Talking of short-field landings, let me paint the following picture for you. The pilot of an aircraft on final approach at Lanseria runway 06 Left says “WATCH ME” to his pal in the right hand seat, ”watch this super short landing ” with the intention of bringing the aircraft to a stop way before the first turn-off. As he touches down he proceeds to apply maximum braking while the wings are still producing some lift and the full weight of the aircraft not yet transferred to the main wheels - a tyre bursts, rendering the aircraft unable to taxi under its' own power. A maintenance team must be dispatched to retrieve the stricken craft now occupying the runway. In the meantime there are two inbound airliners that must be put into the hold and an outbound mercy flight must be delayed at great expense and much inconvenience to the ATC system. All because of a point to prove!

Here is some advice, if ever “WATCH ME” pops up on your radar screen then back-track a few steps and re-program your thought process revert to Standard Procedures and recommended best practice. This way you have a far better chance of not only maintaining your reputation of being a competent pilot but of also averting disaster.

It is common knowledge that accidents occur as a result of a chain or sequence of events and a “WATCH ME” thought could well be the first link in the chain.

Leave the ”WATCH ME” to the participants of air shows where displays and maneuvers are carefully analyzed and scrutinized by highly experienced and qualified people and the flying is done using the right equipment and by pilots with the necessary skills and capabilities. The display sequences are practiced over and over. Even under these conditions accidents still occur.

Old Newton was no fool and propounded that for every action there is an equal and opposite reaction. A macho ego is not exempt from this law. The old issue of cause and effect.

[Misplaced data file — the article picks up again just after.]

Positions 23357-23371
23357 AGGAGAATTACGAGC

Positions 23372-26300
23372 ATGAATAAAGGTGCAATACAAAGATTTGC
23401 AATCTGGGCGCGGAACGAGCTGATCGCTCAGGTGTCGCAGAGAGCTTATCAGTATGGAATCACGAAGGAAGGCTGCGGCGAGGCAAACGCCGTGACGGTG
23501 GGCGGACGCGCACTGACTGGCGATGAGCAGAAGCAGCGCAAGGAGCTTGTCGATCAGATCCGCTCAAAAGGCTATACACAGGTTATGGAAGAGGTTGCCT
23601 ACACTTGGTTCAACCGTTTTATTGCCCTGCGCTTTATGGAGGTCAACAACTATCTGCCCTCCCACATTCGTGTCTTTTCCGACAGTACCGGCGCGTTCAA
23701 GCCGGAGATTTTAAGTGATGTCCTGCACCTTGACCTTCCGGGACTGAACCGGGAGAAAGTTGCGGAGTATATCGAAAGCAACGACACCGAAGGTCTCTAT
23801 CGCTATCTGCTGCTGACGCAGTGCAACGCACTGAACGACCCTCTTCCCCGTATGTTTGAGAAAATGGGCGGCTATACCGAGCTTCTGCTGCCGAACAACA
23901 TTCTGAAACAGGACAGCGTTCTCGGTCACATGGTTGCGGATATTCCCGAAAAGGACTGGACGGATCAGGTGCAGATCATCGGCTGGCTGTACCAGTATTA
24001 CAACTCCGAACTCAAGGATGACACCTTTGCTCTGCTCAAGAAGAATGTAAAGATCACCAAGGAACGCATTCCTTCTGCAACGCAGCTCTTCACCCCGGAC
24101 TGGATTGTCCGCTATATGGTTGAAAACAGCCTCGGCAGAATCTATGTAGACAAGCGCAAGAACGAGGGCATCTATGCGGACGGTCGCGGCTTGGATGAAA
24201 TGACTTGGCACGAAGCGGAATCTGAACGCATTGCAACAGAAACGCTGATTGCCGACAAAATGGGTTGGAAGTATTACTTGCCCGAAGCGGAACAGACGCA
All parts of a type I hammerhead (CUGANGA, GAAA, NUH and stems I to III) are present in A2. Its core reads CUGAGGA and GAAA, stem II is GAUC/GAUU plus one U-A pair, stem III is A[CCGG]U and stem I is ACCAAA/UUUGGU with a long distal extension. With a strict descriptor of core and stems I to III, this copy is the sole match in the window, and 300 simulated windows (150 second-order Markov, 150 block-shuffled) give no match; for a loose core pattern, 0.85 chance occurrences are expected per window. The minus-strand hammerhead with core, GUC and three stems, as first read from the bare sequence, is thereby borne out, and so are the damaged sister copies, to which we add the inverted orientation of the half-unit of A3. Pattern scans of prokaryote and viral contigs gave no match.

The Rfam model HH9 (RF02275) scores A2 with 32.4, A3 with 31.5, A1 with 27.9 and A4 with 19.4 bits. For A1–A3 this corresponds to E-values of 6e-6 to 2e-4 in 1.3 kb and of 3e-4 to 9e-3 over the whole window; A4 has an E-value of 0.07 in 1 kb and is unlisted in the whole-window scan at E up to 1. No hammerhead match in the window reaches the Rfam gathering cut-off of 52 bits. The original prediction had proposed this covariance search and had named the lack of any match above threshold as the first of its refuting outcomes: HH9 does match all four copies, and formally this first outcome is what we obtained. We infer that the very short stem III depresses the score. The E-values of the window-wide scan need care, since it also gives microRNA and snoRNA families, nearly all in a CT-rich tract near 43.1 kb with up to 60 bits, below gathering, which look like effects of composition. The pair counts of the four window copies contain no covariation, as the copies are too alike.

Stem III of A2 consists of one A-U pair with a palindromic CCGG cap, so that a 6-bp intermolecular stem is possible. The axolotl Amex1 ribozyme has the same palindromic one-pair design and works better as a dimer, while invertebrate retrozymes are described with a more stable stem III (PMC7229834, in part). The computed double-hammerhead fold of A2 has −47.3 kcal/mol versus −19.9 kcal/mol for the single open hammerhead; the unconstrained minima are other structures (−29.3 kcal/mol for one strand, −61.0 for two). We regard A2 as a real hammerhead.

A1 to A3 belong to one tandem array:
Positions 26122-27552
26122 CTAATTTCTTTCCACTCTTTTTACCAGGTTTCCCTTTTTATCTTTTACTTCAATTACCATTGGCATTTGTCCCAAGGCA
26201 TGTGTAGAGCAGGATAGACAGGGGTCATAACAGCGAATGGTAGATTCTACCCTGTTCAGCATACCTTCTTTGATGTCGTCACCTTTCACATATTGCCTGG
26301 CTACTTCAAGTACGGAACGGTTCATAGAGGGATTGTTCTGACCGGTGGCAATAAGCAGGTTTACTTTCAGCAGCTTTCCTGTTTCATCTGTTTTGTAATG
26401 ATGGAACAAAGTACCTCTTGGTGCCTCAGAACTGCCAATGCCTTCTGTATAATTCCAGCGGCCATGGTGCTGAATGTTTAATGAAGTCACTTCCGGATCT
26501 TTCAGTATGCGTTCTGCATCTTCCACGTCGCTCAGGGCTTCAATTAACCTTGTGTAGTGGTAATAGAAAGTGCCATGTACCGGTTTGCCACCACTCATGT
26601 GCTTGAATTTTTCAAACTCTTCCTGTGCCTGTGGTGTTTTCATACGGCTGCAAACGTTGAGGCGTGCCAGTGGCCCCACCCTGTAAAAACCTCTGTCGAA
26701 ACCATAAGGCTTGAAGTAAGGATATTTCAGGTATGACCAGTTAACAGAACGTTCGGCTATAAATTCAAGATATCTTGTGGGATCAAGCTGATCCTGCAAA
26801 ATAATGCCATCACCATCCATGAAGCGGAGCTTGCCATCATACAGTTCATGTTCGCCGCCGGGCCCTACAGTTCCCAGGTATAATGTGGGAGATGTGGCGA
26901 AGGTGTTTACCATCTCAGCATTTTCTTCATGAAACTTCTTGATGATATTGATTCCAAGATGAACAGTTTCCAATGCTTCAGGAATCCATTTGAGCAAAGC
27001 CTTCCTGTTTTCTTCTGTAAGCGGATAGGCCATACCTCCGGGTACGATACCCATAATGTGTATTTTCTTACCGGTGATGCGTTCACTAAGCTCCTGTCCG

Every pilot should be of the mindset to a high level of planning each flight carefully and assessing the possible risks and threats and then acting accordingly.
How can any of this take place if snap decisions are made to perform flight maneouvres beyond normal and standard recommended practice.

Just a few examples amongst a thousand to be extremely wary of - don't get sucked in!

The adhoc in flight decision to form up and execute a low level formation fly by. The snap decision to buzz the field (of course with onlookers watching). The unscheduled sharp pull up or aerobatic maneouvre. The decision to take off in weather below required minima.


Are our egos so powerful that they preclude us from learning from the past and cause us to make the same errors over and over again with the same result? It was once said that the definition of insanity is to carry on doing the same thing over and over again without making any changes and then expecting a different result.

You see egos and hands work together - Without the intervention of sound thought processes - the hands will simply carry out the commands of the ego.

Egos and Hands work together - Without the intervention of sound thought processes - the hands will simply carry out the commands of the ego.

Chris Kyle - Training Track
Aviation Safety

Copyright © 2024 Pilot's Post PTY Ltd
The information, views and opinions by the authors contributing to Pilot’s Post are not necessarily those of the editor or other writers at Pilot’s Post.